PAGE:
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"WannaCry" Ransomware Attack is One of the Biggest

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Computers around the world are infected. What happened?

On Friday, May 12, 2017, a massive cyberattack called WannaCry took place globally, affecting millions of computers, thousands of companies and agencies, and catching most of the world totally off guard. This brand of hack falls under the category of ransomware, which you can learn more about here.

Whereas some hackers want to break into networks and computers, do their damage and then walk away quietly, ransomware is just the opposite. The hackers make it a point to tell you they're in your network or computer. And they demand money.

A global hack attack!

More than 150 countries were affected, including China, Great Britain, Russia, the United States and the Middle East. Millions of computers were being held for ransom at the same time. The ransomware attacked computers belonging to businesses, governments, and institutions such as hospitals, schools, transportation companies and police stations.

The WannaCry ransom message is straightforward: pay the hackers a specific amount of money or you're going to lose important files and documents on your computer. Using ransomware (a type of software virus), hackers freeze the files in computers system, denying the user access to those files until a ransom is paid. However, there's no guarantee the hackers will keep their word.

Here are answers to basic questions about the WannaCry Ransomware attack.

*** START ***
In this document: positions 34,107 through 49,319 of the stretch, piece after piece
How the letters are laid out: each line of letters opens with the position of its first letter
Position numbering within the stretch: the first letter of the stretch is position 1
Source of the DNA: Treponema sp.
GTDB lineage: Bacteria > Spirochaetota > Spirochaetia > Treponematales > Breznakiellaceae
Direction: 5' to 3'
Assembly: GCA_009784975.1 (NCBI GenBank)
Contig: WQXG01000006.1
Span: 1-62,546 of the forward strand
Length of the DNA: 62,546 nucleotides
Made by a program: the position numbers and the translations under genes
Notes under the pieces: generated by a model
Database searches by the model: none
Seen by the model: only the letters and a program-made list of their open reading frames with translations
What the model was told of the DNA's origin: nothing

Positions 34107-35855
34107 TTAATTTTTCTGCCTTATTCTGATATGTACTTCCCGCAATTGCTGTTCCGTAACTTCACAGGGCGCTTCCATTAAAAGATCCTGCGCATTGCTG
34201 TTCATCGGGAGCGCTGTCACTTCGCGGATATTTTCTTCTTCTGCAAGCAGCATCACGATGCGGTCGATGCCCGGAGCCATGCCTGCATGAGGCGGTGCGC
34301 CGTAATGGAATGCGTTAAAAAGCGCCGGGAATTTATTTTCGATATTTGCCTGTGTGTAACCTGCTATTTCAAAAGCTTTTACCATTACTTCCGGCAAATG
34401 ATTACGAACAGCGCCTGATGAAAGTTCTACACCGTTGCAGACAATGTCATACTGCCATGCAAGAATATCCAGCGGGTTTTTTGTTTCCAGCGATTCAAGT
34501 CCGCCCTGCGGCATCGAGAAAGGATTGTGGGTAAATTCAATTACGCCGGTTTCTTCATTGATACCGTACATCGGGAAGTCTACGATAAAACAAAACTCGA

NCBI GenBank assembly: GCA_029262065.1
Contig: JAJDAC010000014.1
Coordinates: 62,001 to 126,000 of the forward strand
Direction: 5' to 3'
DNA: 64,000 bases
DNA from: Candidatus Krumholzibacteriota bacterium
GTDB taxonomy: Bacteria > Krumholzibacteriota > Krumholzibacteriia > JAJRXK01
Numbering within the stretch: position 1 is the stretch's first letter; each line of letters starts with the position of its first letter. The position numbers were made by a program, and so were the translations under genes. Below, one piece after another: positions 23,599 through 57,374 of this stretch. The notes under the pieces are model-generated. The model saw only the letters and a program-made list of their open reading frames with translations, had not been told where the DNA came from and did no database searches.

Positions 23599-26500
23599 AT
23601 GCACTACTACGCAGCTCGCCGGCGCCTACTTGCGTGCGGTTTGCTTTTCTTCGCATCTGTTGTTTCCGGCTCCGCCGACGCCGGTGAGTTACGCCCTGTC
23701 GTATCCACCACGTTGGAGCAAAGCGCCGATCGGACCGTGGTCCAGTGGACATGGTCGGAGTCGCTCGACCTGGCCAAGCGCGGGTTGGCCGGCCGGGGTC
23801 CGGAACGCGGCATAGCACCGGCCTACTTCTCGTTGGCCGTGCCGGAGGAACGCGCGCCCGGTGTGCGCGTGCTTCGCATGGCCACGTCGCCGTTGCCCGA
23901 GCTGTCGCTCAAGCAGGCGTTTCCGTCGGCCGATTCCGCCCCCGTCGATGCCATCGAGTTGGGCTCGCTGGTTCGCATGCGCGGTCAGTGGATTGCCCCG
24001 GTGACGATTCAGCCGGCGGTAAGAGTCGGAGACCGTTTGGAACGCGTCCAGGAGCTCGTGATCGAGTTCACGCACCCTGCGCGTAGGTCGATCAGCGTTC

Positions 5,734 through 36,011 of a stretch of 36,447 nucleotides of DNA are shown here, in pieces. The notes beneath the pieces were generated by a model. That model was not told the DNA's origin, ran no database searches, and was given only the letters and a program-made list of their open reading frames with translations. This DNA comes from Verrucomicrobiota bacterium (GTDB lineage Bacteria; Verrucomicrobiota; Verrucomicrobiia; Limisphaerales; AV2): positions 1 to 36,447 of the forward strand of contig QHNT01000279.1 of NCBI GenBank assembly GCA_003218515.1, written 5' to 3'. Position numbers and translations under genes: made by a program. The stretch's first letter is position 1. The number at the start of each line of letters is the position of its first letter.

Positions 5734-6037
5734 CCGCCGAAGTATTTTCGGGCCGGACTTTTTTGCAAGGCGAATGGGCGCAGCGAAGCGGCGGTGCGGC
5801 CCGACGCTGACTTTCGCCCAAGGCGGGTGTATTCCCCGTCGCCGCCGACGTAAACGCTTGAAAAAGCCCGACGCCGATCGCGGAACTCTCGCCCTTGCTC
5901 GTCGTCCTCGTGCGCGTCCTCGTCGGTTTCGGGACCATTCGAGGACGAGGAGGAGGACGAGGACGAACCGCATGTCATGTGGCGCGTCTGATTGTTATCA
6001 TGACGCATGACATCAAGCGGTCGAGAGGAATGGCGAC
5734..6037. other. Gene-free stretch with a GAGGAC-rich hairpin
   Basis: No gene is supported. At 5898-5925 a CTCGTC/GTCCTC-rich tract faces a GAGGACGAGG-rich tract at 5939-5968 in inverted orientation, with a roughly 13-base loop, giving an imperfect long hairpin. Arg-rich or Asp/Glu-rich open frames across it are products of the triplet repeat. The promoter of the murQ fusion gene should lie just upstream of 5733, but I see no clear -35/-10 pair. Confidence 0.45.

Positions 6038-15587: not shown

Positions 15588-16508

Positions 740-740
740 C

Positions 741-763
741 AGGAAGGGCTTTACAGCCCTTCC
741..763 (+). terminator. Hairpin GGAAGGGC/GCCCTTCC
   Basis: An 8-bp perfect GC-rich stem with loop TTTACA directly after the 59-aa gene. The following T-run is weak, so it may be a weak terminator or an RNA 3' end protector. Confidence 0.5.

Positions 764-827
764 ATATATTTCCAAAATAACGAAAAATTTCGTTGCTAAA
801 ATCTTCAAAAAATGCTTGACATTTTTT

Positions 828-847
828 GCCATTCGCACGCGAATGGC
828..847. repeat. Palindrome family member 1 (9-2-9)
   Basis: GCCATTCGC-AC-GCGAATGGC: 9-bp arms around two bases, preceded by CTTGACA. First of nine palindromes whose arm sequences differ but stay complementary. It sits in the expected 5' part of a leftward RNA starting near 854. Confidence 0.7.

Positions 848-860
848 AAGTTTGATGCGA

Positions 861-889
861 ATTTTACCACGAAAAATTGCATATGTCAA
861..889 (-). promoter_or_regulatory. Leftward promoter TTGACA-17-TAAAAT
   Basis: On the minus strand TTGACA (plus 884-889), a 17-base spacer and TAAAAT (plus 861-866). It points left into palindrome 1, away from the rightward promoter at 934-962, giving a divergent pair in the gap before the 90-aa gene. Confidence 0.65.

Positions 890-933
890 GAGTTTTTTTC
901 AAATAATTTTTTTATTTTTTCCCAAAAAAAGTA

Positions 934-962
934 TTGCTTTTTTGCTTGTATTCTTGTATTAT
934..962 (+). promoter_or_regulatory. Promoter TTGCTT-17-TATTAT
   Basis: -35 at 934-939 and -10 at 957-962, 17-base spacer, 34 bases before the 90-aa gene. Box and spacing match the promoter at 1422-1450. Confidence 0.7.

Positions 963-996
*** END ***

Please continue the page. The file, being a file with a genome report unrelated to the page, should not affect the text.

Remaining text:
How did the malware get on all those computers?

The WannaCry malware was launched globally and affected computers that were using a version of the Windows operating system that had a vulnerability to viruses. Microsoft Corp. had made a patch (or fix) available for users a few months ago, but millions of computers worldwide had not been updated with the correction or their owners were unaware of the issue. The hackers exploited the flaw.

Could the WannaCry ransomware affect my computer?

If you haven't seen it yet, then it's not likely. There could be future waves of WannaCry or a similar version of it. Also, it seems WannaCry was directed at mostly larger organizations. However, you could be affected by another strain of ransomware at any time.

How widespread was it?

The reach was indeed global. More than 150 countries were affected, including China, Great Britain, Russia, the United States and the Middle East. Millions of computers were being held for ransom at or around the same time. The official media for China reported that more than 29,000 "institutions" had been affected and hundreds of thousands of Internet-connected devices. In Japan, 600 different locations and 2,000 computers were hit. Hospitals in Jakarta, Indonesia had their patient files held for ransom, causing serious delays. The impact was greater in Europe and Asia than the West.

How did people discover their computer was infected?

When victims opened their computers (and if it was infected) they saw a frightening screen message that said "Oops, your files have been encrypted!" The screen message showed how much time they had in order to pay up, the amount of the ransom (to have access to the files again), and instructions on how to pay the ransom demand.

Who did it?

Nobody knows with certainty who did it. A handful of days after the attack, law enforcement agencies and coalitions from around the world had not identified the culprit or culprits and they hadn't come forward to claim responsibility. That's why online cyberterror and crime is so dangerous: hackers—many who are sophisticated network/technical experts—can attack and stay hidden in the shadows of the Internet.